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Boxer Rebellion

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Author Topic: Boxer Rebellion  (Read 3814 times)
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« on: September 07, 2007, 05:49:25 am »


Troops of the eight countries entered and occupied Beijing on August 14, 1900. Empress Dowager Cixi, the Emperor, and higher officials fled the Imperial Palace for Xi'an, and sent Li Hongzhang for peace talks.

Participants of the Eight-Nation Alliance were responsible for the ransacking and pillaging of many historical artifacts of Chinese origin, such as those found in the Summer Palace, and instigated the burning of many prominent Chinese buildings in an effort to rout the Boxer rebels. "Following the taking of Peking, troops from the international force, except British and American, looted the capital city and even ransacked the Forbidden City, with many Chinese treasures finding their way back to Europe." However, the neutrality of the statement is questionable, since the British Museum has one of the finest Chinese Artifacts Collections in the world.

In fact, the Eight-Nation Alliance is most remembered today in China for the destruction of the Old Summer Palace, once considered the crown jewel of the empire. Priceless artifacts were destroyed in the Palace fire, set by the Alliance soldiers, including a large number of books and scrolls dating as far back as the Tang Dynasty.

Perception by modern Chinese

This event has been largely viewed by the Chinese around the world with shame and as foreign aggression. The events have been made into film a number of times.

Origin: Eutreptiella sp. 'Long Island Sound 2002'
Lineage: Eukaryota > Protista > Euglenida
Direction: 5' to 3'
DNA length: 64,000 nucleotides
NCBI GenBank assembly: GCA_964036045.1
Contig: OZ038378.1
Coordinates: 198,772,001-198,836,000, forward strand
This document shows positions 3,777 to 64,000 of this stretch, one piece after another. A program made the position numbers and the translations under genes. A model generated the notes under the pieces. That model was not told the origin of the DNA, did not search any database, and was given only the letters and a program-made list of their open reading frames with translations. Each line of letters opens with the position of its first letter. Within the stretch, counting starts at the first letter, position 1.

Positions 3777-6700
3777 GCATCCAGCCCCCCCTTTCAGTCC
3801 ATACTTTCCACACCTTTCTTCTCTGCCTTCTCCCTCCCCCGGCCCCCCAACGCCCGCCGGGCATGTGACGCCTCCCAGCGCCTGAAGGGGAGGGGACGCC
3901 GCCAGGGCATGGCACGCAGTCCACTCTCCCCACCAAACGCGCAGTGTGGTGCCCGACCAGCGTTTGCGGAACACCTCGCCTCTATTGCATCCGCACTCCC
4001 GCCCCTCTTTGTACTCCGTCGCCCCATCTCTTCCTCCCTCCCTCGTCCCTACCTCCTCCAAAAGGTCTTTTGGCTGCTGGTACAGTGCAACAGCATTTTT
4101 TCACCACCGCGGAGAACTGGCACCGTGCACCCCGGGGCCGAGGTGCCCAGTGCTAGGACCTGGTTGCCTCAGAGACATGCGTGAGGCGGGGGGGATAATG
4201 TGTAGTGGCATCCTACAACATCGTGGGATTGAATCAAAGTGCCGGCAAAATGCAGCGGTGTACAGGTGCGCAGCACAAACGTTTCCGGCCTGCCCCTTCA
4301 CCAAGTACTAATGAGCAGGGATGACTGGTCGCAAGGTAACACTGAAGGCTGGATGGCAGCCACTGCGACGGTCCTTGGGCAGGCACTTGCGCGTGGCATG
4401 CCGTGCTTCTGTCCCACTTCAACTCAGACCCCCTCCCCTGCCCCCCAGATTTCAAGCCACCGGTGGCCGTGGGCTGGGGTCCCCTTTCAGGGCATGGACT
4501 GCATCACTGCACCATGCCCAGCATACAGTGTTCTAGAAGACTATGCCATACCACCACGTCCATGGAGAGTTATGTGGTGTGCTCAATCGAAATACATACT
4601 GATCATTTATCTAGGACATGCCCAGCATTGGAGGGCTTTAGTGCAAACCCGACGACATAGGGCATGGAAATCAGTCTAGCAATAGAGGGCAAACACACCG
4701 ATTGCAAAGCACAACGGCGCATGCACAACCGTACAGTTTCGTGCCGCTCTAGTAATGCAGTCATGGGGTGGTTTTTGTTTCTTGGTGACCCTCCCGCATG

Though the reaction of the Boxers against foreign imperialism in China is regarded by some as patriotic, the violence that they caused in committing acts of murder, robbery, vandalism and arson cannot be considered much different from the events of other rebellions in China, if not worse. However, the actions of the Eight-Nation Alliance soldiers, who committed similar acts of looting, murder, and **** after taking over the capital city are considered equally heinous.

In January 2006, Freezing Point, a weekly supplement to the China Youth Daily newspaper, was closed partly due to its running of an essay by Yuan Weishi, a history professor at Zhongshan University, who criticized the way in which the Boxer Rebellion and 19th century history about foreign interaction with China is now portrayed in Chinese textbooks and taught at school.
« Last Edit: September 07, 2007, 05:50:53 am by Shaiking » Report Spam   Logged

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